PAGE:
Four children separated by five years, all with a passion to compete. Maybe it comes from their father, Larry, who played high school basketball at Amherst under the legendary Bob Hettler and continued his playing career at St. Lawrence. Maybe some of it comes from their mother, Barb, who was never an athlete in the official sense but possessed all the attributes.

“I guess I have to give a lot of that to my parents and just the work ethic they instilled upon us, the attitude to persevere in tough times and just keep going,” said Kelly, who’s employed by Barclays in Manhattan. “I think they really paved the way in just kind of shaping our mentality and helping us get there, my dad with the competitive fire and my mom able to calm us down and be that reassuring one on the side.”

Sibling rivalries thrived. Sibling challenges persisted.

“Obviously it was really competitive,” Jim said. “Anything we did would turn into a contest. We’ll be sitting at the dinner and say we’ll be talking about grades and my parents would ask me a question about a grade and my brother would say something like how he got a better grade. Any little thing will turn into a competition. Who eats the most – anything.”

Kelly and Emily were at basketball camp in the Adirondacks one year, same game, different teams, when the simmering competitiveness boiled over. They were jostling in transition when Emily hauled off and punched Kelly dead in the gut.

“Emily!” shouted Barb from the sidelines.

“Yeah, that happened,” Emily says with a laugh. “That would be part of the reason I didn’t pursue basketball like the rest of my family. I was just way too competitive.”

Emily could be supportive as well. Like the time around the third grade when she mastered the art of dunking off the hood of the car. Who doesn’t conquer a mountain and encourage others to do the same? Next thing you knew Jim leapt off the car, made awkward contact with the rim and landed with a thud. Arm fracture.

“Of course it was one of the nights where my mom went away so my dad was watching us,” Jim said. “I think it was during a Bills game or something so he was inside watching the Bills game while I’m outside messing around.”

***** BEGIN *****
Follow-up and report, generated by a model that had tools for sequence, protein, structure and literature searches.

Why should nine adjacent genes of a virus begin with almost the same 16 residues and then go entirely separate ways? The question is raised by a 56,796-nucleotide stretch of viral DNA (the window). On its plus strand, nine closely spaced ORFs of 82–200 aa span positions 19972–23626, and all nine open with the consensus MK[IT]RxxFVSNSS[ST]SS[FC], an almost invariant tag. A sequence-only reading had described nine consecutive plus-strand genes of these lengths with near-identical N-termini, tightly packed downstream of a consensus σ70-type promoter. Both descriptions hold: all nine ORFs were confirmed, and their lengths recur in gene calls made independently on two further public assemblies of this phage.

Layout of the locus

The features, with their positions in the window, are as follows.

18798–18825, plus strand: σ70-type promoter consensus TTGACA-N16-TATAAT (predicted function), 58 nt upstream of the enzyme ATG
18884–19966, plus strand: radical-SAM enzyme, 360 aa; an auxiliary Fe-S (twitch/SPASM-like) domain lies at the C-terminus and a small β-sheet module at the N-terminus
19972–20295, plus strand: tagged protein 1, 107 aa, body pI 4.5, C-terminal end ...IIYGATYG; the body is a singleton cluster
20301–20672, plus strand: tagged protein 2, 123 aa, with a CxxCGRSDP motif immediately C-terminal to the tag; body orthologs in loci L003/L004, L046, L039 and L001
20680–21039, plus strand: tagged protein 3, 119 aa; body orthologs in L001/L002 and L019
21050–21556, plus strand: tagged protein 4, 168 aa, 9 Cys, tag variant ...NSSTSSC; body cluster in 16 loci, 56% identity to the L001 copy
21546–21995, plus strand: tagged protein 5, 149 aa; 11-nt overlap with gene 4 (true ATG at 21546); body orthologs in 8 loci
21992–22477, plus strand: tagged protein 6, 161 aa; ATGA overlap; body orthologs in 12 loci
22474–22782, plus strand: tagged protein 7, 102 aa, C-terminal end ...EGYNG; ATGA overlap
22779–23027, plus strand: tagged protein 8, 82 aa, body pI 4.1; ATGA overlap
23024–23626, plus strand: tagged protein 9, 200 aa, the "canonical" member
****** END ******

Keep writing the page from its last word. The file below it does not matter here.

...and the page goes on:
“That was me,” Emily said. “It sounds like I’m a malicious sister, but I’m not. I was teaching him how to dunk.”

What can you get away with in the name of competitive fire? How hard can you push?

“We’d go to putt-putt as a family,” Jim said. “Will would miss a putt where it was maybe an inch short and he’d just drag the putter all the way around the hole until it went in and said, ‘Oh, that counts. That counts.’ ”

Will concedes to Emily

Life has pulled them apart geographically but not in the heart. Although distanced, Emily and Kelly still keep tabs on the younger brothers. Great thing, the Internet. Kelly returned a call via cell phone about five minutes after Will nailed a three with 12 seconds left, provided the decisive points in UB’s road win at Ball State.

“That was really exciting,” she said. “Unfortunately I don’t think I was ever able to hit a clutch game-winner but he definitely seems to have the personality, the composure to be that type of player under pressure.”

Will’s done well as he rebounds from basically two years away from competitive basketball (one when he played sparingly at Virginia, and one he sat out after his transfer). But best athlete in the family? Will knows he’s cornered.

“No my sister Emily might be the best athlete because she’s played a lot more sports than all of us and she succeeded in all of them,” he said. “I’ll give her that even though if I wanted to I could have played a lot of other sports, too. But she did it so I’ll give her the crown.”